Lettuce is both a spring and fall crop, so you can also plant lettuce seeds in summer to reach maturity in the fall. To do this, sow seeds outside in late summer.
Where to Sow Lettuce Seeds
Lettuce grows best in well-draining soil, ideally with a good percentage of organic materials. It doesn’t need a lot of space for roots, and so, shallow beds will work well for lettuce, as well as grow bags or containers.
Lettuce can be sensitive to acidic soil, so if you suspect your soil has a pH of lower than 6, then you may want to remedy this by adding some lime to it. The ideal positioning of your lettuce will depend on your climate and the time of year you are planting them. Lettuce likes to be in cool temperatures, but it also likes a good amount of sun. In spring or fall, when temperatures are lower, you can place your lettuce in a full sun position. However, in summer, or in climates taht get quite hot, you will need to provide some shade for your lettuce plants to prevent them from overheating. It’s a good idea to use artificial shade that can be moved away once fall arrives so that the lettuce can benefit from full sun during cooler months.
How to Sow Lettuce Seeds
Lettuce seeds should be planted around ¼ of an inch deep in the soil, with around 10 seeds per foot of space and around 16 inches between each row of seeds. As seedlings develop, you will need to thin them out so that each leaf seedling has around 4 inches of space to grow, and each romaine and butterhead seedling has between 6 and 8 inches to grow. You can transplant the seedlings you dig up to another patch, or you can eat these as they are as part of a rapidly growing trend for putting ‘micro leaves’ into salads.
Caring for Lettuce Plants
Lettuce needs very little care to thrive, which is one of the many reasons it is such a great vegetable to grow at home. Lettuce likes to be in consistently moist soil, so water it frequently but lightly. Don’t overwater your lettuce to avoid root rot or the development of disease. Keep a lookout for pests on your lettuce, such as caterpillars and snails. These can be removed by hand as an organic solution to this issue, or you can use baits or insecticides if you find the problem getting out of control.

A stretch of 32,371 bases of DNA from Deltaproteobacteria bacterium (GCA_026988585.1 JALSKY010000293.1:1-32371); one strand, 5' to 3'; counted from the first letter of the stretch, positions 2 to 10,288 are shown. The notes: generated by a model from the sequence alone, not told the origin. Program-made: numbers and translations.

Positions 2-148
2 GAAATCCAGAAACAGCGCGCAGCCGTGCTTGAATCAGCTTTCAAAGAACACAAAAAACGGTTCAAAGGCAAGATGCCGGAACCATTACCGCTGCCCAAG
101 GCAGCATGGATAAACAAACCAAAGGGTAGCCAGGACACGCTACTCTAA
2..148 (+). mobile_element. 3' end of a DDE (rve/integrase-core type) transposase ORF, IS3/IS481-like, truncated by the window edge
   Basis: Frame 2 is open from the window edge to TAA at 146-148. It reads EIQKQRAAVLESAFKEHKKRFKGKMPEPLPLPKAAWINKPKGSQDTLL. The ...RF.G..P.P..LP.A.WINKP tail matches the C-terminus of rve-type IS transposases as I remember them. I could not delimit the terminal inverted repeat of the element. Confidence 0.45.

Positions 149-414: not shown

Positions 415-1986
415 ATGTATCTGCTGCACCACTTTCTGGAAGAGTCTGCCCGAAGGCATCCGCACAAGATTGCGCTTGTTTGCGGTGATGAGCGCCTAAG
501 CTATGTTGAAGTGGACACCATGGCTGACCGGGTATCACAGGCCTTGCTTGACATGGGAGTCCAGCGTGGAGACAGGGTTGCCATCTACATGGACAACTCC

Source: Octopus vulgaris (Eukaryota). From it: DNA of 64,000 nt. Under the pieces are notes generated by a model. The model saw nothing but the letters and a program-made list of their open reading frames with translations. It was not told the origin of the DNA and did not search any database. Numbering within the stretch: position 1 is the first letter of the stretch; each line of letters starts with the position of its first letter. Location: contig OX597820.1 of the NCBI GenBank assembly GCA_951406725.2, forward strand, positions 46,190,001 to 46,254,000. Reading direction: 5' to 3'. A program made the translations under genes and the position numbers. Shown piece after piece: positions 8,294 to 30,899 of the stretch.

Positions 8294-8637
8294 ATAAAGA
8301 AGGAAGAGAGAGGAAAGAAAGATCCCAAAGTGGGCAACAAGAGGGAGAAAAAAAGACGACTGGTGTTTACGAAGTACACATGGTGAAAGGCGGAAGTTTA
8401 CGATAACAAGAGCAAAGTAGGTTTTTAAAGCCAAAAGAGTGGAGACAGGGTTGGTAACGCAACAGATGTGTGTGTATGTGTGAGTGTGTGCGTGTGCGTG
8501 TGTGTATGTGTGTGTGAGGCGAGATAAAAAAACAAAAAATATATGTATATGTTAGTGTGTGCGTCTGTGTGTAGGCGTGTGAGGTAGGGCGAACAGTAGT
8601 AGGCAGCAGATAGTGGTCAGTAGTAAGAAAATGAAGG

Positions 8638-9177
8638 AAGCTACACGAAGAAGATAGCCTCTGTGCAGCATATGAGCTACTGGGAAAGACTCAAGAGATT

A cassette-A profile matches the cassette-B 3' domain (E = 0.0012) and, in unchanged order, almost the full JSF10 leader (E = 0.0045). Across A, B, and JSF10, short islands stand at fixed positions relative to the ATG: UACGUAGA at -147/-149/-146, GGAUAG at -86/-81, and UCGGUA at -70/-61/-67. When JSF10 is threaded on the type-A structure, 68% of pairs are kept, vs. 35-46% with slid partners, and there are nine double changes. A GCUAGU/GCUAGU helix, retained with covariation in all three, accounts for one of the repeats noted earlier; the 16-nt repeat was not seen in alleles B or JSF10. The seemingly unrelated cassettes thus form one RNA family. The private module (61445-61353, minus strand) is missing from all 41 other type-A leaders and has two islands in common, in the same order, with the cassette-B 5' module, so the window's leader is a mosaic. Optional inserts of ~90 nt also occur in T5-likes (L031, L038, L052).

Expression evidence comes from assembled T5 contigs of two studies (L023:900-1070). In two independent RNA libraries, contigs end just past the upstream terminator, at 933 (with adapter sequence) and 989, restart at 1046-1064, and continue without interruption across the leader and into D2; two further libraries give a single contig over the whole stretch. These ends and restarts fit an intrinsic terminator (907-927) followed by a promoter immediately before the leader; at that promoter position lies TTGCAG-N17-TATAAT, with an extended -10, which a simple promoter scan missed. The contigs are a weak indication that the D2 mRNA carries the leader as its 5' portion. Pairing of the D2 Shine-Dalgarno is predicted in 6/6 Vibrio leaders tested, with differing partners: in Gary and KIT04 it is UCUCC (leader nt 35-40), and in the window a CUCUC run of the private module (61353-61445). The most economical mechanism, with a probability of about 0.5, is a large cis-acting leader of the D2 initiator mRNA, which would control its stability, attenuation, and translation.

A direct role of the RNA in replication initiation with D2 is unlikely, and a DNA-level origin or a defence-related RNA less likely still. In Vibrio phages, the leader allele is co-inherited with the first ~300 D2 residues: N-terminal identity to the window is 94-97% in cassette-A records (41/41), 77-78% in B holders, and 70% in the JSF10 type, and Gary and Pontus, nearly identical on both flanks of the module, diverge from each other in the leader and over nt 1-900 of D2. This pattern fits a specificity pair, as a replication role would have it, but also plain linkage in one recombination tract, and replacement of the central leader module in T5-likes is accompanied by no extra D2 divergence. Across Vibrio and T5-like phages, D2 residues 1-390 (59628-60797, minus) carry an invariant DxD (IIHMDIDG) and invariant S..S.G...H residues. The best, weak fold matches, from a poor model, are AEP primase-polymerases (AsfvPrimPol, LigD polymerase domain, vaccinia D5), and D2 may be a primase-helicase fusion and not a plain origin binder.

As soon as your lettuce reaches a size you are happy with, you can harvest it for use in your home cooking. Depending on the variety you grow, you will find that your lettuce can be ready in anywhere from 30 to 70 days. There’s no specific way to harvest your lettuce, so you really can do as you please, depending on how much of the lettuce you need.
To harvest a small amount, you can cut off a few select leaves close to the base, or you can chop off the whole vegetable at soil level if you want to have a larger amount. A good tactic is to harvest every other lettuce in a row, as this will give the remaining lettuces more space on either side to continue growing.
With loose-leaf lettuce, you can cut the leaves a few inches above soil level to leave the lower part of the leaf intact. By doing this, the leaf will continue to grow, meaning you can squeeze several harvests out of one plant. All types of lettuce will be more flavorful if you harvest them in the morning, though this isn’t essential.
Lettuce Soup Recipe
Everyone knows that lettuce can be well utilized in salads and sandwiches, but if you’re looking for a different way to use up your yield of lettuce, this soup is a delicious alternative. You can use any type of lettuce, as well as other leafy green vegetables, such as spinach and arugula.
1 chopped garlic clove
1 cup chopped onions
¾ cup peeled and diced potatoes
8 cups chopped lettuce
3 cups water
3 tablespoons butter
1 teaspoon chopped or ground coriander
½ teaspoon salt
¼ teaspoon black pepper
Cook onions, garlic, and butter on a low heat for 5 minutes in a large pan. Once softened, add coriander, salt, and pepper for a further minute. Add potatoes, water, and lettuce and bring to a boil. Once boiling, reduce heat and simmer for 10 minutes, covering the pan. Once the potato is soft, puree the soup in batches in a blender and return all of the pureed soup to a pan. Bring to a simmer, then serve. This recipe makes 4 portions.